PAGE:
Defence Minister, while addressing an election rally in Imphal West, called upon insurgency groups operating in Manipur to shun violence and come to the negotiating table. He said the Centre is ready to hold dialogue with them to bring lasting peace to the region.
GS II- Polity and Governance
Dimensions of the article:
- Rise of insurgency in Manipur
- Ceasefire agreement
Rise of insurgency in Manipur
- The emergence of insurgency in Manipur dates back to 1964 with the formation of the United National Liberation Front (UNLF), which still remains one of the formidable militant outfits.
- The rise of separatist insurgency in Manipur mainly attributed to perceived discontent over alleged “forced” merger of Manipur with the Union of India and the subsequent delay in granting it full-fledged statehood.
- While the erstwhile Kingdom of Manipur was merged with India on October 15, 1949, it became a state only in 1972.
- The later years saw a slew of militant outfits being formed, including the People’s Liberation Army (PLA), People’s Revolutionary Party of Kangleipak (PREPAK), Kangleipak Communist Party (KCP), and Kanglei Yawol Kanna Lup (KYKL), among others.
- These valley-based outfits have been demanding an independent Manipur.
- The Naga movement in neighbouring Nagaland spilled over into Manipur’s hill districts with the NSCN-IM controlling most of it while pressing for “Nagalim” (Greater Nagaland), which is perceived in the valley as a “threat” to Manipur’s “territorial integrity”.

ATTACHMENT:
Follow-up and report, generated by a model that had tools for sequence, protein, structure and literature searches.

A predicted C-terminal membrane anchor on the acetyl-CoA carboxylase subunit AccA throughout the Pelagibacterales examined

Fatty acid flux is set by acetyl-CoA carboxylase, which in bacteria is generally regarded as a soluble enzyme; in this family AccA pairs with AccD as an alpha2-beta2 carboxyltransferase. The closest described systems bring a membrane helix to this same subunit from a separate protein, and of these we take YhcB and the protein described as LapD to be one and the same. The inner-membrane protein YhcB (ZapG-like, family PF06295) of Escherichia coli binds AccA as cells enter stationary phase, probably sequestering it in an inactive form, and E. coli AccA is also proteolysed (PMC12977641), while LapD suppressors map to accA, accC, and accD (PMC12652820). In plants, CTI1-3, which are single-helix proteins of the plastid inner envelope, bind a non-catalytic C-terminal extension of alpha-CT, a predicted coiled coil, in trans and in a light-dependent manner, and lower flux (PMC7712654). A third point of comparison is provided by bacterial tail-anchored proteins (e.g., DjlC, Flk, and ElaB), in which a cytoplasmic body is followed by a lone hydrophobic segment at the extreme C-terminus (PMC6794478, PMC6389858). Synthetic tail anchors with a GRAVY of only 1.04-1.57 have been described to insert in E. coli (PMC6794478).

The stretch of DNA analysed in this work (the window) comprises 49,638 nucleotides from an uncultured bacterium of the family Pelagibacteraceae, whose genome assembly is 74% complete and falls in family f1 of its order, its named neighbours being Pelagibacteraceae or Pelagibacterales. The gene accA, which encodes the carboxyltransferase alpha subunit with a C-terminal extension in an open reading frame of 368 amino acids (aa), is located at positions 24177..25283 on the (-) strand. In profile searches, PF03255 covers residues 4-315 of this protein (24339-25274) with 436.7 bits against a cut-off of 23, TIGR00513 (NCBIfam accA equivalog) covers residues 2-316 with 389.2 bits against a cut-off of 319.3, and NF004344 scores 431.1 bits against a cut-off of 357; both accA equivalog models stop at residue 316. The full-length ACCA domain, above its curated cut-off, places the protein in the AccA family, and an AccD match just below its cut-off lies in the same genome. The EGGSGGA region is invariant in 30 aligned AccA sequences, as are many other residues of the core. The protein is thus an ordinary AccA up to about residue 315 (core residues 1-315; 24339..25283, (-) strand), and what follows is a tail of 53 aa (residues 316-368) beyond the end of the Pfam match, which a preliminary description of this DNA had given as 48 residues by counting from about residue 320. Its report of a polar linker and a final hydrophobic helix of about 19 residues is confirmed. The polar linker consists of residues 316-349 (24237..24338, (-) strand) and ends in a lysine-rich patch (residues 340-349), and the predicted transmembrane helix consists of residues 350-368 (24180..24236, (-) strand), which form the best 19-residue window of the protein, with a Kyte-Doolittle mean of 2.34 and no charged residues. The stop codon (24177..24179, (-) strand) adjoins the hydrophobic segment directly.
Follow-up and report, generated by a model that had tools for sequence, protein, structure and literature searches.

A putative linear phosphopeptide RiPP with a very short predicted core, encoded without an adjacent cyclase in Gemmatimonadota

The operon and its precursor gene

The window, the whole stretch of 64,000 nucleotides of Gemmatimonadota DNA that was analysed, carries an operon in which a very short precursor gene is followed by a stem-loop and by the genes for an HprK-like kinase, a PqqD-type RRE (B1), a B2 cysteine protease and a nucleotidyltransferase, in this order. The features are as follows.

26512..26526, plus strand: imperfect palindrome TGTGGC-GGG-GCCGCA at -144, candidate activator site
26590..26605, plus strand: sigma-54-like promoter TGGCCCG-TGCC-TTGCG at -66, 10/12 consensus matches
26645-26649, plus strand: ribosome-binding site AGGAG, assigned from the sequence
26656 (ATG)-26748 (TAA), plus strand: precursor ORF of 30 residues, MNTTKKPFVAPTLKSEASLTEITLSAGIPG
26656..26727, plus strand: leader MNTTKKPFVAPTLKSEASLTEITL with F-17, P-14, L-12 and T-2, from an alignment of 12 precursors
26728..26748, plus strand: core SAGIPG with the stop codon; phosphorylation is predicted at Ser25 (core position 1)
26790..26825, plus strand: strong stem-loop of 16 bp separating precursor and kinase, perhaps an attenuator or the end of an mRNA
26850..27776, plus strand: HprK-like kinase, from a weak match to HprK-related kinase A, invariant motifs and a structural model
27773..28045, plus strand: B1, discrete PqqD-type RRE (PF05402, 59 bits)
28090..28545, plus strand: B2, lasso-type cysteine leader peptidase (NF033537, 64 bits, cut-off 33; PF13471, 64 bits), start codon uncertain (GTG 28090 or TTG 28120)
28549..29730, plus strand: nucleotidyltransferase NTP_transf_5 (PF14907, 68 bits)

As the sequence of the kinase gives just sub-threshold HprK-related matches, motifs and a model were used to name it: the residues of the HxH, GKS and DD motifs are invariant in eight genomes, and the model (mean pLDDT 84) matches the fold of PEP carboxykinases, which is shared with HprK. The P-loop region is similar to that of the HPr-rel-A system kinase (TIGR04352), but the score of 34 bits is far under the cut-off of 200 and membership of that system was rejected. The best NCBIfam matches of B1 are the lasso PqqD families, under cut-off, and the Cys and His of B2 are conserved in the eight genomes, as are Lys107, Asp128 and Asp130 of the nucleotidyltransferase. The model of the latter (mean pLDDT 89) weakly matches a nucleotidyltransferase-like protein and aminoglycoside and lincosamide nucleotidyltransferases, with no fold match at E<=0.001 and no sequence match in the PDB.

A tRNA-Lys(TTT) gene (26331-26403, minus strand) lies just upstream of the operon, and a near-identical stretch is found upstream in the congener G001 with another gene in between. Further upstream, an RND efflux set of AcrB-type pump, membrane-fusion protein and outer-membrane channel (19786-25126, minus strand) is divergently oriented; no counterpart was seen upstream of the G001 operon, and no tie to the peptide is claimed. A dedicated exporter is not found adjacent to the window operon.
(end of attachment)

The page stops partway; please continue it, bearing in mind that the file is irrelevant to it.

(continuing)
- In subsequent years, Manipur had been caught in a spiral of violence as various militant outfits carried out deadly attacks on security forces or engaged in factional clashes.
- While the hills account for nine-tenths of Manipur’s geographical area, they are sparsely populated, with most of the state’s population concentrated in the valley. The Meitei community forms a majority in Imphal valley, while the surrounding hill districts are inhabited by Nagas and Kukis.
- In 1980, the Centre declared the entire Manipur as a “disturbed area” and imposed the controversial Armed Forces Special Powers Act (AFSPA) to suppress the insurgency movement, which remains in force till date.
- In the early 1990s, the ethnic clashes between Nagas and Kukis led to the formation of several Kuki insurgent groups, which have now scaled down their demand from a separate Kuki state to a Territorial Council.
- The further continuance of insurgency led to the formation of smaller outfits like the Zeliangrong United Front (ZUF), People’s United Liberation Front (PULF) and other splinter groups.
- The NSCN-IM entered a ceasefire agreement with the Government of India (GoI) in 1997, even as peace talks between them have still been continuing.
- Similarly, the Kuki outfits under two umbrella groups, the Kuki National Organisation (KNO) and United People’s Front (UPF), also signed the tripartite Suspension of Operation (SoO) pacts with the GoI and Manipur on August 22, 2008.
- Of the total 25 armed Kuki groups operating in the state, 17 are under the KNO and 8 under the United Peoples’ Front (UPF).
- However, major valley-based militant outfits (Meitei groups) such as the UNLF, PLA, KYKL etc. are yet to come to the negotiating table.
- Many of their smaller outfits have however entered the SoO agreement with the state government, which has launched rehabilitation programmes for such groups.
-Source: Indian Express